Camilo Gonzalez


Camilo Gonzalez is the 360 creative and graphic designer whose work blurs the lines of fashion and art. Working in collaboration with his partner Andrés Lareu, an interior designer and architect, Camilo has come to London by way of Buenos Aires and Spain and has already made his distinctive mark on projects for the likes of Mother New York, Sonia Rykiel, The Sofitel Hotel and Narciso Rodriguez.

Influenced by the history of art and design, Camilo’s work is instantly recognisable for its attention to detail and elegance, and his Instagram is a must-follow for design lovers seeking inspiration. Here, we talk branding, favourite buildings and #CreativeFutures.

How would you describe your aesthetic?

Well, the axis of all my work is, in some way, a tribute to the history of artisanal graphic design. I use pure and humble material sources, with great creative ideas. I’m influenced by the early 20th century avant-garde art movement and mid-century design. I feel my work is about finding new compositions through history and art, always highlighting the more modest and artisan. I’m always trying to approach my work with a fresh eye and sense of discovery.

You’re a true 360 creative that can turn your hand to almost anything, where does that creative eye come from?

Thank you! My aim is to provide holistic design solutions for brands with conceptual rigour and a consistently refined aesthetic across all mediums. I do extensive research into each project, whether it is for a logo, a set design or a piece of furniture. I have a background in graphic design and the luxury market, and my partner, Andrés, is in architecture, fine arts and interior design. So, we decided to unite our capabilities and disciplines in order to create an interesting product. We explore the heritage, craft, materials and particularities of each and twist them to uncover something unexpected and innovative along the way.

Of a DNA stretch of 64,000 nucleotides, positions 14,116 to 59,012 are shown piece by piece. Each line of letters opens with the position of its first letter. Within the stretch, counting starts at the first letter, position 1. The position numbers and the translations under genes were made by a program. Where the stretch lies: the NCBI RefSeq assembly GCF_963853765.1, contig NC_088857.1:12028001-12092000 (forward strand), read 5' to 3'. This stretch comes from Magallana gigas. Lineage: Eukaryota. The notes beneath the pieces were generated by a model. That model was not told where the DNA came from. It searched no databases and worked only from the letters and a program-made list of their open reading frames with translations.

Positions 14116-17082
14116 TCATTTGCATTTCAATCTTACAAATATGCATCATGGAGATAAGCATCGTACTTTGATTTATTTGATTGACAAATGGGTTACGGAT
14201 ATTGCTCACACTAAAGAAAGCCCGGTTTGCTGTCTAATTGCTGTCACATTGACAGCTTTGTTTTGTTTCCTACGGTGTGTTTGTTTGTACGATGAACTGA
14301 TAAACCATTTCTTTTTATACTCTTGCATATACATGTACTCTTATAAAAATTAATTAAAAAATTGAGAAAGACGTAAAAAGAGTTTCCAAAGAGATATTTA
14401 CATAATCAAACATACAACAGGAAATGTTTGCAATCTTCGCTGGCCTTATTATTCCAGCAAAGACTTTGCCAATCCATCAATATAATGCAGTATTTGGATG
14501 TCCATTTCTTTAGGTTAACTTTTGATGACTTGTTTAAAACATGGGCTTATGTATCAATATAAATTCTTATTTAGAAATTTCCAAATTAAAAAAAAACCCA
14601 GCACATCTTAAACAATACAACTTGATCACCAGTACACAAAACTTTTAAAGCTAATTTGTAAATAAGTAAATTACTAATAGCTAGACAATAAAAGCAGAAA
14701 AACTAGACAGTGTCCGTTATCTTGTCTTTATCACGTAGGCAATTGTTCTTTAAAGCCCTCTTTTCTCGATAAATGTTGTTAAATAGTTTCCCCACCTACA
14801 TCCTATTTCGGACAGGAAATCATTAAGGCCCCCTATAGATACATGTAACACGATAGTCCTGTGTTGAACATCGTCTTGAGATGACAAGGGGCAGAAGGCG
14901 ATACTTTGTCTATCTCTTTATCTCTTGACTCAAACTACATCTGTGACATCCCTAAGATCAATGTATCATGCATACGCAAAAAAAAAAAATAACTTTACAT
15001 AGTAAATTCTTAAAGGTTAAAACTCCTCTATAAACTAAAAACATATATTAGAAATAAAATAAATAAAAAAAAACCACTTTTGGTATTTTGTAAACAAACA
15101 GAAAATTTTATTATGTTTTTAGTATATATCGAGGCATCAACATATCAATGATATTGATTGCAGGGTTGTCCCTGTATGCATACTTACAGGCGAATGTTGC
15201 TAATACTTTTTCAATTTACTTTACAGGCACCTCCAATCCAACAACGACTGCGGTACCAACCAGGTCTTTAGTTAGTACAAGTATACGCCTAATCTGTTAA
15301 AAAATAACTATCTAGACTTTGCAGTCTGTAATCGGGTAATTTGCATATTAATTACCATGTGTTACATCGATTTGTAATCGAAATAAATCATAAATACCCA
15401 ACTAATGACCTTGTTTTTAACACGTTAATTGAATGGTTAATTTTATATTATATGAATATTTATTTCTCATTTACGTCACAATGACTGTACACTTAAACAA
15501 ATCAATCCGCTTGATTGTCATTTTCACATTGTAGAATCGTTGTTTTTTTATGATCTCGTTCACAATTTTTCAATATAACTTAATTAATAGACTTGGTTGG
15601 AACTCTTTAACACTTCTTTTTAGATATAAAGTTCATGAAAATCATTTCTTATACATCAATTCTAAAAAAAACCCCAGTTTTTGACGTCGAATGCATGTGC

You’re originally from Chile, and you lived in Madrid before coming to London. Tell us a bit about your experience relocating?

I have always worked remotely with global clients so relocating didn’t feel too much of a big step. However, living and working in London is an amazing opportunity and I feel so excited to be surrounded by such international talent.

What was your first job in the creative industries?

I am self-taught and I learned a lot of design and digital tools from a very young age. My brother is a Computer Engineer and I learned a lot from him. When I was 17, a friend introduced me to the designer for Guy Laroche in Paris, a Chilean fashion designer, who hired me to develop his branding and website. It was my first connection with the industry.

Andrés has an academic and more traditional background in architecture and art criticism, which is very helpful when we approach each project. He has this kind of encyclopaedic memory and he’s an expert at selecting and choosing many different elements from various periods in history that I think most people don’t even realise exist.

Did you always know that this was what you wanted to do?

I’ve always been very interested in technology and design. I grew up in the 2000’s where there was a huge rise in the digital world; you could see it everywhere. At the same time I knew I wanted to do something creative and related to design. I used to be a huge fan of a Japanese creative studio called Kioken and I learnt how to design by looking at their work. I have always pursued design professionally but I felt I needed better insight in order to deliver a more intellectual product. So I decided to study art curation where I met Andrés and started collaborating.

Tell us about setting up your own creative studio?